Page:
Love Avoids Temptation – Family Devotion – May 22, 2020

Read: Genesis 4:1-16

Then the Lord said to Cain, “Why are you angry? Why is your face downcast? If you do what is right, will you not be accepted? But if you do not do what is right, sin is crouching at your door; it desires to have you, but you must rule over it.”
Genesis 4:6-7

Love Avoids Temptation

Family Devotion – May 22, 2020

Devotion based on Genesis 4:6-7

See series: Devotions

In the name of the Father and of the Son and of the Holy Spirit. Amen.

Remember Cain and Abel? Their parents were Adam and Eve. Cain was the older of the two brothers. Cain, a farmer, gave some of his crops to God in a sacrifice. Abel, a shepherd, gave an animal from his flock. God was pleased with Abel’s gift, but not the gift from Cain. So Cain was jealous of Abel and killed his brother in anger. Cain lied about his actions to God and was punished by wandering for the rest of his life. What a sad ending.

The story of Cain and Abel is an important warning if you get angry easily. Long before anger lashes out, you can find it crouching at the door to our hearts. Cain made his sacrifice only because “I had to.” You know that dark feeling too. Someone (a parent or teacher) tells you to stop what you’re playing and help them. You do it because you were made to, not because you wanted to. Cain’s jealousy turned into anger. He couldn’t control it. He didn’t want to. Cain’s anger turned him into a murderer, a liar, and an excuse-maker who only worried about himself.

Cain’s anger separated him from God’s love—not because he felt angry (we all do)—but because he hung on to his anger even after God confronted him about it. He wanted Cain to repent of his sin and see his promised Savior. He even protected Cain when he worried that he might be murdered!

Where do we find the kind of love to help us when we are angry? It is found in another son God promised Adam and Eve who would be our perfect brother. Jesus let all our angry thoughts, words, and actions crush him on the cross. God’s love is so powerful, nothing can separate us from it! It can even crush any anger that tries hiding in your heart!

The next time you feel angry, remember the story of Cain and Abel. Ask God to help you to stop being so angry. Jesus’ power is ready to free your heart from it. Jesus promises to replace it with something far better—love. May his love put a smile back your face today!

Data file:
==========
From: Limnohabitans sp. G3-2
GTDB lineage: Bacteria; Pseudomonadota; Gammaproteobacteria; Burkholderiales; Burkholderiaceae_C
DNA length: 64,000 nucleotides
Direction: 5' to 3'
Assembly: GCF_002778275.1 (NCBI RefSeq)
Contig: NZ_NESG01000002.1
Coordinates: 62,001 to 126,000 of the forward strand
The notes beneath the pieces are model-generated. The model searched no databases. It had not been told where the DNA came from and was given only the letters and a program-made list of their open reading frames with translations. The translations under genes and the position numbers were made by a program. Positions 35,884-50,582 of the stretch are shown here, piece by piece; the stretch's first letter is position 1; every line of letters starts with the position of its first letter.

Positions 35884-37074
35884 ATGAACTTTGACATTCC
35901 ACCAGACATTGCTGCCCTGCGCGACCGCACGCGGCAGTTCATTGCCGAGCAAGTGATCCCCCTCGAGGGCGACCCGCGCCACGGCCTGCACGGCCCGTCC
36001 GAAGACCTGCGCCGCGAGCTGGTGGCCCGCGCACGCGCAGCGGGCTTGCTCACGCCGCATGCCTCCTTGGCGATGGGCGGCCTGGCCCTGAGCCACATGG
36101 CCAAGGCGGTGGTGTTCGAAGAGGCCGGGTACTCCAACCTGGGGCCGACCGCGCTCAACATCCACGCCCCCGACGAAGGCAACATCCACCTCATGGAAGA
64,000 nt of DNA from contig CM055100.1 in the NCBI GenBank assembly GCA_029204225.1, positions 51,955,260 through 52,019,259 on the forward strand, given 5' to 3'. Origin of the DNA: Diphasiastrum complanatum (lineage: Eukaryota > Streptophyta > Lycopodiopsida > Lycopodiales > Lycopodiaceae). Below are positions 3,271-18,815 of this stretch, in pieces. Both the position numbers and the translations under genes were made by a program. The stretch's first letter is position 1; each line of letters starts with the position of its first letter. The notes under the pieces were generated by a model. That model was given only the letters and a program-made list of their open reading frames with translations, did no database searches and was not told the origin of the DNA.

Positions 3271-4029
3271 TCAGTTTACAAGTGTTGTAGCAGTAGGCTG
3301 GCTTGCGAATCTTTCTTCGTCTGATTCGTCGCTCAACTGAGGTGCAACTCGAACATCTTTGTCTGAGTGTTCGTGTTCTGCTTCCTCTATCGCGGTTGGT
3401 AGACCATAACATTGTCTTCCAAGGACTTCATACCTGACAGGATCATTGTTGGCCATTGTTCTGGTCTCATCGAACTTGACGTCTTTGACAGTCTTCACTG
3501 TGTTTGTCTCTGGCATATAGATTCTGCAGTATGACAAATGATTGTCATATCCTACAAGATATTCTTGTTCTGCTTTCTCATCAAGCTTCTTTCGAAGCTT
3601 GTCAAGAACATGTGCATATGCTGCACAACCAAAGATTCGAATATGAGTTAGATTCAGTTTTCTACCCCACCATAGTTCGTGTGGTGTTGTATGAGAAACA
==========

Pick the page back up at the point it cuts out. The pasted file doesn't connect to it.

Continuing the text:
Closing Prayer:

Gracious Savior, you taught us to pray “lead us not into temptation.” Help us to avoid temptation, flee when it comes our way, and turn to you as our Savior when it overcomes us. Amen.

The questions below are to help families discuss this devotion. The questions are divided by age group as suggestions, but anyone could reflect on any of the questions as they desire.

Questions for Younger Children

  • What did Cain do because he was so angry?
  • Why is it important to remember Jesus when we get angry?

Questions for Elementary Age Children

  • Agree or Disagree. God liked Abel’s offering more because he sacrificed an animal when Cain only gave fruits and vegetables.
  • Make a list of things that make you angry. Evaluate how aligning yourself with Jesus’ love changes your view of them.

Questions for Middle School and Above

  • Give several reasons why God would protect the life of a murderer like Cain.
  • Which is more important—that we avoid being angry or that we trust that Jesus has forgiven our sin of anger? Why do you answer the way that you do?

Hymn: CW 497:1,4 – This is My Will

“This is my will, my one command,
That love should dwell among you all.
This is my will, that you should love
As I have shown that I love you.

“You chose not me, but I chose you,
That you should go and bear much fruit.
I chose you out that you in me
Should bear much fruit that will abide.”


Family Devotions are brought to you by WELS Discipleship.
All Scripture quotations, unless otherwise indicated, are taken from the Holy Bible, New International Version®, NIV®. Copyright ©1973, 1978, 1984, 2011 by Biblica, Inc.™ Used by permission of Zondervan. All rights reserved worldwide.
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